Sustainability Day

By Victoria Moussot
March 5 2017

This year STAC’s Sustainability Day focused on “Sustaining Mental Health.” A panel of presenters, including Dr. Jasmin Hutchinson and Dr. Anna Mackay-Brandt, discussed two key factors to sustaining mental health. The presentation focused on music and a technique called SHARP, both of which are based on scientific studies of brain functions.

Dr. Jasmin Hutchinson, Associate Professor of Exercise Science and Sport Studies at Springfield College, MA, presented “Can’t Stop the Feeling! The Role Music in Exercise and Health.” According to Dr. Hutchinson, neurological studies have indicated that humans are hardwired to interpret and react emotionally to music. That is why music can be used as medicine in fields, such as Music Therapy to treat stress, depression, and anxiety. The connection between emotion and music occurs when music stimulates the brain region that processes emotions.

All of us manipulate our emotions by listening to music. Do you ever find yourself jamming to the music when you work out? We all know that we pump up the volume to affect our mood. This is known as Attentional Narrowing and Auditory Motor Synchronization. Music can divert or buffer the feelings of pain and fatigue during exercise, refocusing attention towards completing an exercise without feeling the negative side effects. Auditory Motor Synchronization helps maintain a consistent pace, which optimizes exercise and increases the efficiency of movement.

On the other hand, when we study, music can become a distraction. Instead of pumping up the volume, the SHARP technique is proven to be more effective. This mnemonic device was created to help people combat this loss of functions.

See it and say it: visualize the information and say it aloud.
Habits: perform a task that is overlearned.
Associations: make connections between information.
Records: write a list because you’ll be more likely to remember the information later.
Practice retrieval: continually test yourself to recall information.

At the NKI Rockland, Dr. Anna Mackay-Brandt is the lead Neuropsychologist and a Research Scientist in the Outpatient Research Department. Her research focuses on cognitive changes associated with aging, plasticity of cognitive function, and factors that can improve or preserve the cognitive abilities in older adults. In her presentation, “Lifespan brain-behavior relationship to advance and mental health research: The open data-sharing NKI-Rockland Sample Initiative,” Dr. Mackay explained how cognitive ability decreases as a person ages. When examining an older brain, there is less tissue and more space compared to a younger brain. This difference affects a person’s perception, numerical, and verbal functions. Participants in this study were assigned tasks like the Flanker Task and Fitness Training and Cortical Recruitment. The Flanker Task measured effectivity and interference in the brain by having participants press a button that coordinates the direction of an arrow. The Fitness Training and Cortical Recruitment test randomly split two groups of older adults, assigning one to stretching and the other to exercise. This study revealed that the group that exercised showed an increase in brain capability to deal with interference.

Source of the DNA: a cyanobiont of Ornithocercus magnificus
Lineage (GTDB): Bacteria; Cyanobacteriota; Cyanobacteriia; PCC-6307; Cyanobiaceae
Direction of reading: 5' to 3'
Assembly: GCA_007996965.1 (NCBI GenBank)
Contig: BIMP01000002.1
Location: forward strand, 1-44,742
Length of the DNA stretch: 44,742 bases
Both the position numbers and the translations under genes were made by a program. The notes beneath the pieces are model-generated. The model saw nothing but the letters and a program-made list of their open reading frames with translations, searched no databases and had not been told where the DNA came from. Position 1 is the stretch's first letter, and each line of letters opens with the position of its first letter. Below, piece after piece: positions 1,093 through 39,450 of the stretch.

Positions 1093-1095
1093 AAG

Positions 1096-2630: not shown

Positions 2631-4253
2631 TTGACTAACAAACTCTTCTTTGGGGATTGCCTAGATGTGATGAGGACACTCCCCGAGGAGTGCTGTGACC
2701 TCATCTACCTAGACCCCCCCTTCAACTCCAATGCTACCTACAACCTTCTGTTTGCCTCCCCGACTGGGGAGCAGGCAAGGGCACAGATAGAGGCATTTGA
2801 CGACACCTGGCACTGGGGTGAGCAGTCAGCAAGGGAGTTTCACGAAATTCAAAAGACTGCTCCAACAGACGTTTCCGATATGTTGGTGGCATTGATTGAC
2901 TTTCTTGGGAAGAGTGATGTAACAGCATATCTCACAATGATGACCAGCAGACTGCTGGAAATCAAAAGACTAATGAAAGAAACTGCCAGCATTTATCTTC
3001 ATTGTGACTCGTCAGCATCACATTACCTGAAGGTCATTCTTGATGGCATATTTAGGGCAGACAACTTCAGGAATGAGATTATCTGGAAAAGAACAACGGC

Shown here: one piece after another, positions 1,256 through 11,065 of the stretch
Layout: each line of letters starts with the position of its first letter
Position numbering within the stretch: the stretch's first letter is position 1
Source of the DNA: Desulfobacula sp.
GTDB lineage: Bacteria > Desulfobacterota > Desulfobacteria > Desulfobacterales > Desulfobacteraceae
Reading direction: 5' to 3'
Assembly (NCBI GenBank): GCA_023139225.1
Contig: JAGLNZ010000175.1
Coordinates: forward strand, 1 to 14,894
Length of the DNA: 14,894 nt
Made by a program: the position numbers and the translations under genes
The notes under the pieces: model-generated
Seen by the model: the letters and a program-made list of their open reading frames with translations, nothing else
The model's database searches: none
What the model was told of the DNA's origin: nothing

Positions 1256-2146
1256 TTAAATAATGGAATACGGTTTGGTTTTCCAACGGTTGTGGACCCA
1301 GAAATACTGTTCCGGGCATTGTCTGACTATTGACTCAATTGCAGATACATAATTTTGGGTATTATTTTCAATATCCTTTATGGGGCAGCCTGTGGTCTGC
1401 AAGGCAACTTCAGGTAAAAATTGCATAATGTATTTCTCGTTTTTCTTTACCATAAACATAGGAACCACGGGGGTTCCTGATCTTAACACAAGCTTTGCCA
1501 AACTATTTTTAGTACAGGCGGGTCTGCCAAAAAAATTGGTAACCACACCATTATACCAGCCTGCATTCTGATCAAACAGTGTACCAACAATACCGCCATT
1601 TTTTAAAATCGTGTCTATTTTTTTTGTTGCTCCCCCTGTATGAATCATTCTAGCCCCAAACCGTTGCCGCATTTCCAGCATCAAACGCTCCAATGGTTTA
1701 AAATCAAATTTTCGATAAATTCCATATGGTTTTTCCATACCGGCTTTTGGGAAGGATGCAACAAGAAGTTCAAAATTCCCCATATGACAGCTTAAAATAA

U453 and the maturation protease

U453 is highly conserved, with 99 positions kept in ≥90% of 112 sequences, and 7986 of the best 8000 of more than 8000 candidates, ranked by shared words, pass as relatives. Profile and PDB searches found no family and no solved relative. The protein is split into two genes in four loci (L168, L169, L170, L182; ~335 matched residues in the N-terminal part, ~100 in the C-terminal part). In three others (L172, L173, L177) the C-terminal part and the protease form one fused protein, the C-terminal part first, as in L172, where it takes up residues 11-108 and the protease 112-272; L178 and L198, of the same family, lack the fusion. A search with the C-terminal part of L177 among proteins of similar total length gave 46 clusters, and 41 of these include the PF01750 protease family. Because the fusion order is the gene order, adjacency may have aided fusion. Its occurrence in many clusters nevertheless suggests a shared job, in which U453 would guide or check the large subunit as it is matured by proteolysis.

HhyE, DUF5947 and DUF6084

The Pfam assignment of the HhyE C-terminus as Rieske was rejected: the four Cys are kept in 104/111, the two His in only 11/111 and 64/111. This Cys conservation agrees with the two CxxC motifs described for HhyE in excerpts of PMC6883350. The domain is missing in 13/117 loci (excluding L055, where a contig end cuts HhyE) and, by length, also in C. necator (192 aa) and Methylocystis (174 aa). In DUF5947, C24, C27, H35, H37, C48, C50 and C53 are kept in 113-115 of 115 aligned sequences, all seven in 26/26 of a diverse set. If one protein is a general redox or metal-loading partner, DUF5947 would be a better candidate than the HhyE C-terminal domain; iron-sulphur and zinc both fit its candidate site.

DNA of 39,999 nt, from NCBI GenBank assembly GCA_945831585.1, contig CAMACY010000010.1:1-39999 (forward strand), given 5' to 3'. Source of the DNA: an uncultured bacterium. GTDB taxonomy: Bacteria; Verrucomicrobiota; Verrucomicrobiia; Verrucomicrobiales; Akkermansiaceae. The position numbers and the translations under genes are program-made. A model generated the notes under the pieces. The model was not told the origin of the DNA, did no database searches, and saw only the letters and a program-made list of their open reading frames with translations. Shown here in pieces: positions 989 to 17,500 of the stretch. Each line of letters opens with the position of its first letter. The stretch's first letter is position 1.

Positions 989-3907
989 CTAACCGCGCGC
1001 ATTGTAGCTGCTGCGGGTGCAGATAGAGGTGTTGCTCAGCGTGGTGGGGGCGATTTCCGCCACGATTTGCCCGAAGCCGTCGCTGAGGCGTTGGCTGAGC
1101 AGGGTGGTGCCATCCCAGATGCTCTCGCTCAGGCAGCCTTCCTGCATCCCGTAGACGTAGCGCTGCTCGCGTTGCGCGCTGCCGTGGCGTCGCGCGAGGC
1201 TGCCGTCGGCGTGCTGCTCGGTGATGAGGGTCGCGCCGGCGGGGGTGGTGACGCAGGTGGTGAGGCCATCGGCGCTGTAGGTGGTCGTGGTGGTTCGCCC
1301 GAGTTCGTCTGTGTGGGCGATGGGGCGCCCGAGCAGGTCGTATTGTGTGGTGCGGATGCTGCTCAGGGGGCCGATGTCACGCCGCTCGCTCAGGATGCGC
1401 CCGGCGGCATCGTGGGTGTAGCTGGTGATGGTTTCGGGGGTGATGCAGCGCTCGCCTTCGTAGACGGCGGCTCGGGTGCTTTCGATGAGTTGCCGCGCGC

Mental health affects every aspect of our lives. It is an important part of our well-being because it affects how we feel, think, and handle stress. In selecting music that energizes us, we choose to exercise instead of vegging out. In applying the SHARP method while we study, we prepare our brains to perform effective work.

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